Never Make a Warm Bed
A favorite household tip from my mother and aunt is to never make a warm bed. When I was old enough to make my own bed in the mid 1940s, I was taught to fold the covers back to the foot of the bed and let it air out before making it. I dressed, ate breakfast and was ready for school before I made my bed. Some of you may remember that we used flat muslin sheets of about 130-140 thread count (considered quite low by today's standards) and ironed the pillowcases and top sheet borders. For the weekly change of sheets, the flat bottom sheet was pulled off and the current top sheet was rotated to the bottom. A clean top sheet was put on, that would in turn be rotated to the bottom the following week.
Sheets weren't used until the late 1800s when women made their own from bolts of sheeting cloth. Ready-made sheets weren't widely available until after World War I with mail order distribution, and fitted sheets were just becoming available in stores in 1951. At that time, household washing machines were small and cumbersome to operate. By rotating just one sheet to the laundry, it saved energy and time. A Whirlpool ad in a 1954 Good Housekeeping magazine bragged about their new push button washer that could wash a huge 10-pound load of clothes. Today, most washers boast closer to 20-pound loads or more.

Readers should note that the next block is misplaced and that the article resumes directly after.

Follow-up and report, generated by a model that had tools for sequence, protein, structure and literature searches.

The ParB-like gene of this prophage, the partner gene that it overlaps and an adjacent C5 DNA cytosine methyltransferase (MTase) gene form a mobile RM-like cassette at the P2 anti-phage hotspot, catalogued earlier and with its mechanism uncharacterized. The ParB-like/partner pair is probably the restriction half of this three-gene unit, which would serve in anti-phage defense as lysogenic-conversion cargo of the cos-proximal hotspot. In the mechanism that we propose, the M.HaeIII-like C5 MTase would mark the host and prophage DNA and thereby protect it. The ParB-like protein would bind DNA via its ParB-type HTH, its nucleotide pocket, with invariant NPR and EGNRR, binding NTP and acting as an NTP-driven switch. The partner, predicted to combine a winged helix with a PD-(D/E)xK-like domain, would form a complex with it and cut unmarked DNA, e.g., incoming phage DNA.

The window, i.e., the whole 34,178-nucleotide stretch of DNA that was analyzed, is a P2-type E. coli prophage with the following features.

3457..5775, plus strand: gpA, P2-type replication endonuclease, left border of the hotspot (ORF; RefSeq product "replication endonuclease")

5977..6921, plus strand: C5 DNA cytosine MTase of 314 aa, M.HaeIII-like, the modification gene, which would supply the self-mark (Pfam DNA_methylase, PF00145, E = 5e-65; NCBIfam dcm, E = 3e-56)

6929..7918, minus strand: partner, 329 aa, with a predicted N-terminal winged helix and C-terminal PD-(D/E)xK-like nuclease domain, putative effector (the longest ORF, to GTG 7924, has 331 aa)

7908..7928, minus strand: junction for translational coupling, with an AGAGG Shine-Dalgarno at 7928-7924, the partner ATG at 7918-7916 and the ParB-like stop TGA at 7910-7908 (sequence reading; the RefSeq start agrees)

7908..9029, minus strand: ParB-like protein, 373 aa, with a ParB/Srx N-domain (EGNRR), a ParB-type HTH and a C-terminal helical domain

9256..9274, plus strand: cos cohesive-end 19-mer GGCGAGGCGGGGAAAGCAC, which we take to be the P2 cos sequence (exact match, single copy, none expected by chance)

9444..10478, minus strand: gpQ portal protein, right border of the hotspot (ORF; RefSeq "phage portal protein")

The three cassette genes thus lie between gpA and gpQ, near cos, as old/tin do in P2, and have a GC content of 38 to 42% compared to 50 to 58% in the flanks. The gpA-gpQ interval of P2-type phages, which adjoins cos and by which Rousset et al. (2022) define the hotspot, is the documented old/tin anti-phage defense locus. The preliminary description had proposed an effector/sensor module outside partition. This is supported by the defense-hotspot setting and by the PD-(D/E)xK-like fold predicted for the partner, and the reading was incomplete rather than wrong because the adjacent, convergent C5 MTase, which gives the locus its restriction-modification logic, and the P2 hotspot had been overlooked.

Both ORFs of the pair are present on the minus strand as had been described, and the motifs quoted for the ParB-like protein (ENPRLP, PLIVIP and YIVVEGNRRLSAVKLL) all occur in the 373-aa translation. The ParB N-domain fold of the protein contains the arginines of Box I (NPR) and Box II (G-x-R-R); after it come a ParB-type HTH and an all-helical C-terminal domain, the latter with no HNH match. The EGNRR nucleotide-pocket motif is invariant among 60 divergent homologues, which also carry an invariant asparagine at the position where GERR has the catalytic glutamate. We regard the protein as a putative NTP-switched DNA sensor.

To this day, I still follow the advice of my mom and aunt and let the bed air out and cool before I make it. Curious about whether it is a good idea or outdated advice, I started doing some research. Soon I had a small collection of housekeeping books from new and used bookstores and stacks of papers from research at the local libraries.
One of the reasons for letting the bed air out may have to do with unseen pests. Beds are particularly appealing to dust mites who like warm, moist, dark environments. Allowing the bed to air by folding the covers back to the foot of the bed, the sheets cool and dry from the warmth and humidity of our bodies and the mites run from the daylight to other dark places in the room. Dust mite fecal particles are the source of many of our allergens. Water temperatures below 130 degrees will kill the allergens but will not kill the dust mites themselves. To kill both, water needs to be at least 130 degrees or higher.
It seems other experts agree with the female members of my family. Cheryl Mendelson, author of Home Comforts: The Art & Science of Keeping House, recommends airing the bed for an hour or longer. For mite control, Mendelson advises using water over 140 degrees, washing bedding weekly and drying it on high heat in a dryer, or better yet, hang outdoors for a fresh smell and a sanitizing treatment from the sun.
Heloise's daughter, and successor, in her book All New Hints from Heloise, suggests making a bed while still in it - simply sit in the middle of the bed, pull up the covers, smooth them, and then slide out the side. My mother and aunt would not approve! Neither would Heloise's mom. According to a 1962 edition of a book by the original Heloise, Heloise's Housekeeping Hints, she counsels airing the bed before making it.
In matters of the bed, to air or not to air is a choice relative to your personal preference, and maybe even household customs that have been passed down from generation to generation.
For me, I'm listening to my mom: Never make a warm bed.